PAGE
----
NEW YORK (
CEO Jefferey Immelt said "our portfolio is the best it's been in a long time," when speaking at a conference late last month, but analysts don't expect any third-quarter fireworks.
GE will reports its third-quarter results early Friday morning, with a consensus earnings estimate 36 cents a share, among analysts polled by Thomson Reuters, declining from earnings of 38 cents in the second quarter, but increasing from 31 cents during the third quarter of 2011.
During the second quarter, GE Capital -- which for some time was a major drag on the General Electric's earnings -- paid the parent company $3.0 billion in dividends. Morgan Stanley analyst Nigel Coe said on Sep. 30 that he expected GE's financial arm to become a "cash machine," because GE Capital's "Basel I Tier-1 Common Equity ratio compares favorably to US bank peers and assuming maintenance of a 10% CT1 ratio, we see potential for $30bn cash distribution [through] 2015."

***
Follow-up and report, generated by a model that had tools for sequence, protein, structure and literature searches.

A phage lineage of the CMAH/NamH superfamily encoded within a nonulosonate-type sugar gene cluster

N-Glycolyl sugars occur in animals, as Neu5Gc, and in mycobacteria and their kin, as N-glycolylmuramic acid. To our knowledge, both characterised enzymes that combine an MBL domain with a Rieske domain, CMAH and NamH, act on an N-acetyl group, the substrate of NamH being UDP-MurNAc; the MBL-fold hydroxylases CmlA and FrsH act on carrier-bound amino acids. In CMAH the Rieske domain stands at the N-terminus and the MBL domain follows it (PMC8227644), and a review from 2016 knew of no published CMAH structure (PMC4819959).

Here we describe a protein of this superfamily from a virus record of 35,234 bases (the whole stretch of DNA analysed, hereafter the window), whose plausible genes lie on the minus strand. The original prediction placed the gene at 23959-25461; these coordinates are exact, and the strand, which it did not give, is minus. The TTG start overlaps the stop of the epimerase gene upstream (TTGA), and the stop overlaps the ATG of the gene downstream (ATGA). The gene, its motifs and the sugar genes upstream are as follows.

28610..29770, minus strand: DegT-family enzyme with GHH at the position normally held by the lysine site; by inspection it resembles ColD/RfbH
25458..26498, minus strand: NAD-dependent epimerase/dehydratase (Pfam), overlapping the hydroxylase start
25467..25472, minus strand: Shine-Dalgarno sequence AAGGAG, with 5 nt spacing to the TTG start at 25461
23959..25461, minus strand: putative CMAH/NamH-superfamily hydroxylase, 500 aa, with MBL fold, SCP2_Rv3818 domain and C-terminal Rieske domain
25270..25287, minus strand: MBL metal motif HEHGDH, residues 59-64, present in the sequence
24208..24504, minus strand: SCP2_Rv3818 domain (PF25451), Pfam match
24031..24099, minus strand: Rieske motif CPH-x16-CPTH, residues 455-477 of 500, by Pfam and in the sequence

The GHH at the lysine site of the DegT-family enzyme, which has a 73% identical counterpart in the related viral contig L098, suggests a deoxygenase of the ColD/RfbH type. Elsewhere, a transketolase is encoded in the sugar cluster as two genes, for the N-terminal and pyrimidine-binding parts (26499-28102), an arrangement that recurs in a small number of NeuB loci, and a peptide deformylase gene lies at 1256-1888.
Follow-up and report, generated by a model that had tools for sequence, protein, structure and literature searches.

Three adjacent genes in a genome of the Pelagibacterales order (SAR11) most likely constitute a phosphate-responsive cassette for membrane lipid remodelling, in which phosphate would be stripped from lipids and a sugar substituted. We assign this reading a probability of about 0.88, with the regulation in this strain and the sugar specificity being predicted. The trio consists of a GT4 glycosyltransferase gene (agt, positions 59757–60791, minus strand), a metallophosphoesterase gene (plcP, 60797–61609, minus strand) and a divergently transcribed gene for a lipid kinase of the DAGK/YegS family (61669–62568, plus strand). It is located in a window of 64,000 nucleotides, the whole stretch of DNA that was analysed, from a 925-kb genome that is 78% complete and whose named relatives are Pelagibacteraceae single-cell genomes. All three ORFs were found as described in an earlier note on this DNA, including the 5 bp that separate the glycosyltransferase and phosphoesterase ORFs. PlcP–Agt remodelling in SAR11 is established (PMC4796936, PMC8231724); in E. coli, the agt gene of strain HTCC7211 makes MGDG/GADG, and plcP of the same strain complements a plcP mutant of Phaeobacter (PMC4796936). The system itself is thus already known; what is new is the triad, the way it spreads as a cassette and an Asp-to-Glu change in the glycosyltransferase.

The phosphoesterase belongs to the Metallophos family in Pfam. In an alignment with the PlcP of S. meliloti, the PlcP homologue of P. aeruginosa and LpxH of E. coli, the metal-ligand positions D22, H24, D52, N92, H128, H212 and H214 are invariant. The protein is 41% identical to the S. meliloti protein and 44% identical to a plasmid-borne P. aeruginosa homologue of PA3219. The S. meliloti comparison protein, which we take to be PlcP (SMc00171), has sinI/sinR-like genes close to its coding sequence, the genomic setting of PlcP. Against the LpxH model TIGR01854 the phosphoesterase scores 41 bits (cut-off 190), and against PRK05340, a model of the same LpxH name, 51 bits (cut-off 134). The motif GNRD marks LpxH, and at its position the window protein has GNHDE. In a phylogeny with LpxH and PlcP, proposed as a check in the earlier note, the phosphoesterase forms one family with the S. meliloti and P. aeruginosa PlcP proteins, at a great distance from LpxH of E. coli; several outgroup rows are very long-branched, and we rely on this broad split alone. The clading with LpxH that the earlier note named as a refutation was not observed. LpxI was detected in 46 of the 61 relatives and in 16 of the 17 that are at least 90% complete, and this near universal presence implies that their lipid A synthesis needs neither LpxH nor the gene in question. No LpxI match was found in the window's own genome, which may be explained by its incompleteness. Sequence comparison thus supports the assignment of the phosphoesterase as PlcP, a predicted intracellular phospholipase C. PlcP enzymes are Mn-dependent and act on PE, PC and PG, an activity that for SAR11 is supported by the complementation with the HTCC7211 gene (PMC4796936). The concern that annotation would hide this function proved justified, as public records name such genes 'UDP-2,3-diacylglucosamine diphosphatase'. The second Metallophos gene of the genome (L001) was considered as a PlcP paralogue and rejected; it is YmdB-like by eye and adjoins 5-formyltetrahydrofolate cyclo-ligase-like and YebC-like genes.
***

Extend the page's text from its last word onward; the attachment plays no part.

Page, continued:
That will lend quite a bit of support for General Electric in turn to increase its capital return to investors. The company last December raised its quarterly dividend by two cents to 17 cents a share, for a dividend yield of 2.97%, based on Wednesday's closing price of $22.91. During the second quarter, GE repurchased 45,592 shares at an average price of $19.25, and had $7.0 billion in authorized share buybacks under its current repurchase program, as of June 30. Coe expects to see $4 billion to $5 billion in share repurchases through 2015, but sees "further upside"
When asked during a meeting with analysts on Sept. 27 whether he might consider sales of "some chunkier assets" from GE Capital, Immelt said "we are not going to do things that are kind of premature or disruptive," and that the company didn't "feel desperate or feel like we need to make a big moves," but he did say that "things aren't sacred," and that there would be "more news later" about reductions in assets.